An excellent film that gets little attention in the midst of the madness is Meng Ong’s Miss Wonton. Based on the life of the director’s mother, it deals with the experience of a young Chinese woman who is an illegal immigrant in the US, and who tries to escape her near-slavery in a restaurant through an affair with a married American man. Touching a theme I hear often during the week, Ong says that he feels the film – in Chinese, with subtitles – is universal. Over the next few days I will also hear universality claimed for the experience of paedophiles, neo-Nazis, and schizophrenic adolescents.
The most controversial film in the festival – it eventually wins the Grand Jury Prize but doesn’t find a buyer – is The Believer, written and directed by Henry Bean, and starring a young Canadian called Ryan Gosling. Ten years in the making, the film is based on a true story: a neo-Nazi skinhead who killed himself when a reporter from the New York Times revealed that he was Jewish. For the first hour, we watch the young thug Danny Balint join a fascist group, rant about his hatred for Jews, and participate in beatings and assassination plots. Then, as his hateful gang wrecks a synagogue, he rescues a Torah, and begins to have flashbacks to his Orthodox upbringing and the intellectual and spiritual questions that caused him to break away. The film combines some of the visceral impact of A Clockwork Orange – shown this year in a panel on major influences on indie film – with a cerebral, even Talmudic debate about the nature of God and the meaning of Judaism. At the Q&A, audiences speak of the dangers of the film’s anti-semitic images. It might have been a fascinating play, but here, in the mecca of movie-making, it’s almost heresy to mention such an old-fashioned genre.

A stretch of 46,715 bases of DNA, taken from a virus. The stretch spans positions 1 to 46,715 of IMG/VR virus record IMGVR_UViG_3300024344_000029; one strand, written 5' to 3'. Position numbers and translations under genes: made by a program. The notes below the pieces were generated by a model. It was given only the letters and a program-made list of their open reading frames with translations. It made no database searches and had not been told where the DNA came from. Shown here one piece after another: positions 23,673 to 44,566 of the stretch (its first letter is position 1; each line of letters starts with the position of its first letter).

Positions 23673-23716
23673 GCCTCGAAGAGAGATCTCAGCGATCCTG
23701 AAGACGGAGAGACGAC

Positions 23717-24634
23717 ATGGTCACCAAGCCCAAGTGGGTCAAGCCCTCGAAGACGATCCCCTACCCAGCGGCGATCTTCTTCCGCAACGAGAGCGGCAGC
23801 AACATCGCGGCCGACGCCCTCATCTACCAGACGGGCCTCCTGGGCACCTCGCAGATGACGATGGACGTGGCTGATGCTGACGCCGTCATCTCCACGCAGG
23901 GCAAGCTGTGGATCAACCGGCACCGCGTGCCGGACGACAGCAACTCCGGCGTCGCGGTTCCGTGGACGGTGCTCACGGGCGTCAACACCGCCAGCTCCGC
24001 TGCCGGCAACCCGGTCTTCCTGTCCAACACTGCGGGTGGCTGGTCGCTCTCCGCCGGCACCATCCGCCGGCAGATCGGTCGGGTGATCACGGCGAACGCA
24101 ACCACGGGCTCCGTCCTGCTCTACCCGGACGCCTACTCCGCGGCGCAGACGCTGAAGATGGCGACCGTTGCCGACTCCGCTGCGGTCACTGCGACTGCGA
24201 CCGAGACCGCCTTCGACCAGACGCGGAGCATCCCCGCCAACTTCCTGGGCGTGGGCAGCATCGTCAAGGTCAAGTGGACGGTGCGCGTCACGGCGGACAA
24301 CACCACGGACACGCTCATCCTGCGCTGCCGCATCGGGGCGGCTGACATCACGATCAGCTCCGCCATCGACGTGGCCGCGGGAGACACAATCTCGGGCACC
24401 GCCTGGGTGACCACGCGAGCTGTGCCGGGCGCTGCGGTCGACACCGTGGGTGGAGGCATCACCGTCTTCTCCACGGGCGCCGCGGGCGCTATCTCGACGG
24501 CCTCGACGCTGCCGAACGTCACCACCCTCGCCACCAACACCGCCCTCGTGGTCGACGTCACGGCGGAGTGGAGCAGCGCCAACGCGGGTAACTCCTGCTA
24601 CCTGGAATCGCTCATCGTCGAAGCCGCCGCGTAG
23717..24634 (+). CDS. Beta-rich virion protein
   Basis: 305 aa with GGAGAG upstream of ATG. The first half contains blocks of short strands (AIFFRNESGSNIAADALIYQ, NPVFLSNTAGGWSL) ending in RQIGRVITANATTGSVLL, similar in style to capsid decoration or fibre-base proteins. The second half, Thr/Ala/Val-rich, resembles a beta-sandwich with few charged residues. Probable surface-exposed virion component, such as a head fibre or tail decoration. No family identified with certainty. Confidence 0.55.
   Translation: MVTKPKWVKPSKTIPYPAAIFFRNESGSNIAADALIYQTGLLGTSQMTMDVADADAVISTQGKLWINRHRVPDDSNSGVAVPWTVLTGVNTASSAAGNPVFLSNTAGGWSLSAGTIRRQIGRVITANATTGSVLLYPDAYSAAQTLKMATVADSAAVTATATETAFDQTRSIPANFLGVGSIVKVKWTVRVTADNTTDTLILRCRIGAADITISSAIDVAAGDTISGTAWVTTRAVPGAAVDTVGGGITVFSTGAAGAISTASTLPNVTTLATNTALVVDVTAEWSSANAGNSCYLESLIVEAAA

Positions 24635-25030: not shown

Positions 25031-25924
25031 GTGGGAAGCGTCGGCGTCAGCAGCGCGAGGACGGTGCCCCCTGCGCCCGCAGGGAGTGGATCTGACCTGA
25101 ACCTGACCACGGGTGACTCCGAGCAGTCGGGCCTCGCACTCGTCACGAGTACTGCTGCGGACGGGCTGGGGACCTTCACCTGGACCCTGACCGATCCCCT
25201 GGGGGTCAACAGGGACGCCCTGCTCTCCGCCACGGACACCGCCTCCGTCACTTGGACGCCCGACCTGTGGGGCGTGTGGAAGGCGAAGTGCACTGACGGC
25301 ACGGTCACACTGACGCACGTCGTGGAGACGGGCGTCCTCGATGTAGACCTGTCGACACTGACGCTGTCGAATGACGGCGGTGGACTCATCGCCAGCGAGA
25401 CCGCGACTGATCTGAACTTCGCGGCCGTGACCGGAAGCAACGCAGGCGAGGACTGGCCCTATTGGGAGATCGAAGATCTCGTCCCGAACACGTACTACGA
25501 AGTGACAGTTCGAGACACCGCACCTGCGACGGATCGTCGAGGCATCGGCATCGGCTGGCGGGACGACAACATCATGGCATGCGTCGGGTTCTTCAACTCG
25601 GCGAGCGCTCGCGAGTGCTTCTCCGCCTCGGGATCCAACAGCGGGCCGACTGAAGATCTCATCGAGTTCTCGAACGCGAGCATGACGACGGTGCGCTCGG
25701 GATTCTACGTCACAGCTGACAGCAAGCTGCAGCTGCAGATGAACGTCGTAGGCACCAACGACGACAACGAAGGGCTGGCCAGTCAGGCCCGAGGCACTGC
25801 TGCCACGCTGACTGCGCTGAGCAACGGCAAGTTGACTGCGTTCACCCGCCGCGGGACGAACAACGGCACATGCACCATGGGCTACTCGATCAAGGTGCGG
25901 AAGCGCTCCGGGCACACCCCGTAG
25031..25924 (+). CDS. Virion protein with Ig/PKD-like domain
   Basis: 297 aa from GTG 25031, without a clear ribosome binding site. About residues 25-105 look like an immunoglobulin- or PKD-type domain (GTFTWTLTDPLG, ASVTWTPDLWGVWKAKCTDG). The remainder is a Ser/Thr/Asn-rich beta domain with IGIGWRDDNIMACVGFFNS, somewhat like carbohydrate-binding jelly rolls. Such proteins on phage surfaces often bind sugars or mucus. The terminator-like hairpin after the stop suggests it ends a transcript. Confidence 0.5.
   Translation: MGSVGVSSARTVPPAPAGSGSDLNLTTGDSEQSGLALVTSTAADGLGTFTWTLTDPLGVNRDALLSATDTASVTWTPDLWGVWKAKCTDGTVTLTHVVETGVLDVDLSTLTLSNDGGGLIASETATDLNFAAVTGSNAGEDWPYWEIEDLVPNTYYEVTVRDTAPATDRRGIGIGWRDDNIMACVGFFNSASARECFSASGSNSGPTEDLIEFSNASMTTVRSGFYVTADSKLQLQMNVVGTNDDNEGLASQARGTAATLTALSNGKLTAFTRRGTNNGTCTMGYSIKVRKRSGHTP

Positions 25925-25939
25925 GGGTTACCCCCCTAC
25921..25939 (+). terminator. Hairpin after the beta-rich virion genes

Pictures of the Wet Hot stars in the Hugo Boss coats appear in the New York Times Style Section. I have a respiratory infection that will last two weeks: my maternal offering to the gods.